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Supreme Court justice takes a jab at the Mets

Apr 17, 2012, 4:00 PM EDT

Image (1) Mets%20Logo.png for post 3903

Via Baseball Think Factory, we find a Supreme Court opinion released today that makes a passing reference to the Mets in order to parse some legal language:

The meaning of the phrase turns on its context. See Johnson v. United States, 559 U. S. ___, ___ (2010) (slip op., at 5) (“Ultimately, context determines meaning”). “Not an” sometimes means “not any,” in the way Novo claims. If your spouse tells you he is late because he “did not take a cab,” you will infer that he took no cab at all (but took the bus instead). If your child admits that she “did not read a book all summer,” you will surmise that she did not read any book (but went to the movies a lot).And if a sports-fan friend bemoans that “the New York Mets do not have a chance of winning the World Series,” you will gather that the team has no chance whatsoever (because they have no hitting) … 

That’s Justice Kagan writing, by the way. She was born in 1960 in New York, so there’s a decent chance that she’s a pessimistic Mets fan. She apparently also missed Ike Davis going yard last night, but we’ll chalk that up to an oversight by the law clerk.

  1. sdelmonte - Apr 17, 2012 at 4:10 PM

    A quick search reveals she is a Mets fan, to balance out Sotomayor the Yankees fan and David Souter the Red Sox fan.

    • Jonny 5 - Apr 17, 2012 at 4:24 PM

      And, Sam Alito is a Phills fan. Stephen Breyer is a Red Sox fan. John Paul Stevens is a Cubbies fan.

      • Tim OShenko - Apr 17, 2012 at 4:48 PM

        East coast bias! How can we count on true justice when the Supreme Court is clearly indifferent to the fate of small-market, Midwest teams?

      • mgv38 - Apr 17, 2012 at 5:10 PM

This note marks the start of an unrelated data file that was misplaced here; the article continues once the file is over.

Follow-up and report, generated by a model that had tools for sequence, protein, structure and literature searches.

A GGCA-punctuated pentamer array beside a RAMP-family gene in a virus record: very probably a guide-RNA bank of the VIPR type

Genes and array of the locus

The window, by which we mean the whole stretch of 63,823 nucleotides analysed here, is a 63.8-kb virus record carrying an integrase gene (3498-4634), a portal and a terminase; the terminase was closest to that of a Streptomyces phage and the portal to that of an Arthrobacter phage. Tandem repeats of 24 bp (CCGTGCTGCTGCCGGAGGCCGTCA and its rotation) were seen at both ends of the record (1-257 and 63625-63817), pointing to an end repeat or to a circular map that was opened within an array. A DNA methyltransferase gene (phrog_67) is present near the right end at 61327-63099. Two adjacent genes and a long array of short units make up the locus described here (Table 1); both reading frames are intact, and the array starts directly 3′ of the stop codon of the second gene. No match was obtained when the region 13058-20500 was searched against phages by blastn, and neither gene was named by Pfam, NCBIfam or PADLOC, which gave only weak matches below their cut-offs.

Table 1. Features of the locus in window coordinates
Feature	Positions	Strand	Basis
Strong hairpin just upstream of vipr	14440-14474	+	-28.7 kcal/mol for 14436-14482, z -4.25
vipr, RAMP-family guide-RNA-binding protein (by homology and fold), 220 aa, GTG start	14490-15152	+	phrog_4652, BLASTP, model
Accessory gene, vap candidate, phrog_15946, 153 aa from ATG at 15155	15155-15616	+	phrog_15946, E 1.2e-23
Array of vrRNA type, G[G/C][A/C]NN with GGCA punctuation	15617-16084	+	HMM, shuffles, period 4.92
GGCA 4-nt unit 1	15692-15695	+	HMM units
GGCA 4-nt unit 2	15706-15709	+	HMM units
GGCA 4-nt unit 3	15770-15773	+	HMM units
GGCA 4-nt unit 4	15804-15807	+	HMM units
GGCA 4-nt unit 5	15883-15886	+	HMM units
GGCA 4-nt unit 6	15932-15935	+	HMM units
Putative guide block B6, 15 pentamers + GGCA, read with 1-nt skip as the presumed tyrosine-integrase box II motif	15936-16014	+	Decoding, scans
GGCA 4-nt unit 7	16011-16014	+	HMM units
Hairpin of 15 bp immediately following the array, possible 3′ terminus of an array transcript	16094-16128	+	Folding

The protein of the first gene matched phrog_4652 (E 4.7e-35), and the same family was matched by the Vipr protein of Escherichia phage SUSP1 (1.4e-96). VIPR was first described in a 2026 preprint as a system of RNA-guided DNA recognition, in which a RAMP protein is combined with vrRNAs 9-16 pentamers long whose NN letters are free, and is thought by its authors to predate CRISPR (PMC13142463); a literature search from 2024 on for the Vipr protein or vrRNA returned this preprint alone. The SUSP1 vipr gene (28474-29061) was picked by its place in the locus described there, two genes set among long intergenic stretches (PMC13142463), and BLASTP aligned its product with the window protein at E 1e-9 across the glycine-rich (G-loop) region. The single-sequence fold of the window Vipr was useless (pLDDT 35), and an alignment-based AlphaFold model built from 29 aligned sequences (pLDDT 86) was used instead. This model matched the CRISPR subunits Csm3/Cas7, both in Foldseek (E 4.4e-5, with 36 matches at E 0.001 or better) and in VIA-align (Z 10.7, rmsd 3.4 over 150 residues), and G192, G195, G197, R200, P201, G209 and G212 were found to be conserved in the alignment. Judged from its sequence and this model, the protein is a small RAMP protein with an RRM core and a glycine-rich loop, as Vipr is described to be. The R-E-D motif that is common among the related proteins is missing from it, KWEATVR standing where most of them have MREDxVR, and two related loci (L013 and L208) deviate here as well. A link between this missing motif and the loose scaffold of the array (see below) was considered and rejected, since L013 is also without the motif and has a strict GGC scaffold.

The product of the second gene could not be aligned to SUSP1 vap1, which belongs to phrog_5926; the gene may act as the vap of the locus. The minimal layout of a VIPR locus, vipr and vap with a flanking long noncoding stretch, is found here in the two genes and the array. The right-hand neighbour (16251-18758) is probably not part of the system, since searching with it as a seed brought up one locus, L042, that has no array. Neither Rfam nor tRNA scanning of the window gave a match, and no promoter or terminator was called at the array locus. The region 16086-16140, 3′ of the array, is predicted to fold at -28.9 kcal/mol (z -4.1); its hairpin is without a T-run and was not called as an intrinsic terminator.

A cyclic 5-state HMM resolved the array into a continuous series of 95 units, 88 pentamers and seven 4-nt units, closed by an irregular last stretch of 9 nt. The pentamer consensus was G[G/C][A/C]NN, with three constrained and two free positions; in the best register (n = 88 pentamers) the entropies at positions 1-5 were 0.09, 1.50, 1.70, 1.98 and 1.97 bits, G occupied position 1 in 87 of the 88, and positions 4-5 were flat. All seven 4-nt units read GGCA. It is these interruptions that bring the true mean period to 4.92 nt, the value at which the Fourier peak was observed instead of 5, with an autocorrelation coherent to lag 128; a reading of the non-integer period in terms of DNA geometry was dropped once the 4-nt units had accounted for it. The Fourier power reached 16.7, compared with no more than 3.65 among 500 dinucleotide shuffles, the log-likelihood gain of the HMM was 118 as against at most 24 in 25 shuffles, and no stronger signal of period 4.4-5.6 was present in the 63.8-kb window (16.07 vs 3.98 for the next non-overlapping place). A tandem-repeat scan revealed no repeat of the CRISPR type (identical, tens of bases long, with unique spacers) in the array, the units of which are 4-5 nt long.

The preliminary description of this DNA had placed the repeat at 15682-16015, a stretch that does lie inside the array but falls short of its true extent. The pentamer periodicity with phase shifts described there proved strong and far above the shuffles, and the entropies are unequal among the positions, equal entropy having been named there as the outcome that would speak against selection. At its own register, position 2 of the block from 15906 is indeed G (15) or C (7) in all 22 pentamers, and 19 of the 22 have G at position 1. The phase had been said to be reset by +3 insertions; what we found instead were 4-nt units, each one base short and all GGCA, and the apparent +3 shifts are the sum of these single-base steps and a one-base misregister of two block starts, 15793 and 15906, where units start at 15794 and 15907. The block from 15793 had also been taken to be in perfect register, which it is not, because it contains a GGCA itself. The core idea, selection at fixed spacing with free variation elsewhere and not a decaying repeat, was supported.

And I am sure whichever team Scalia roots for, Thomas does too. Silently, of course.

      • Roger Moore - Apr 18, 2012 at 12:06 AM

        Stevens isn’t just a Cubs fan. He’s been a Cubs fan for long enough to have watched Babe Ruth call his shot in the 1932 World Series. Yes, he was actually at the game, and is on record saying that Ruth really did call his shot.

  2. captainwisdom8888 - Apr 17, 2012 at 4:12 PM

    It is a known fact that when a girl insults you…it hurts twice as much. Science people…

  3. cur68 - Apr 17, 2012 at 4:16 PM

    Boy, when you want to nail down futility just right, you go for the best argument you can think of, I guess: The Mets. But surely Supreme Court justice Kagan could have used for her “not an” sometimes equaling “not all” example a much better exemplar of futility? Unless I’m badly mistaken, there is another team with “no chance whatsoever” that better fits that description. They know who they are.

    • stex52 - Apr 17, 2012 at 4:53 PM

      Houston resembles that remark. :-)

  4. shawndc04 - Apr 17, 2012 at 4:19 PM

    >>A quick search reveals she is a Mets fan, to balance out Sotomayor the Yankees fan and David Souter the Red Sox fan.<<

    Not to put too fine a point on it, but Justice Souter is no longer on the Court; so it's NY v. NY.

    • sdelmonte - Apr 17, 2012 at 4:48 PM

      D’oH! I totally forgot that!

      Then again, I suspect most of us can name the starting nine of our teams a lot more easily than the nine justices.

      • 4letterman - Apr 17, 2012 at 5:41 PM


  5. nineroutsider - Apr 17, 2012 at 7:32 PM

    How did this thread avoid of the political blowhards from both parties coming here to win the hearts and minds of the HBT readers? Impressive…

  6. umrguy42 - Apr 18, 2012 at 9:41 AM

    Well, I consider myself a conservative, and thus don’t necessarily agree with Kagan’s politics… but I think I like her overall, especially between this, and her talking about how her clerks all played Mortal Kombat (I think) during the CA video game rating case last year/year before. Nice to see someone who isn’t dreadfully boring and dry i their opinion prose, I guess. (Admittedly, that may be an unfair stereotype based on no real evidence, but still.)

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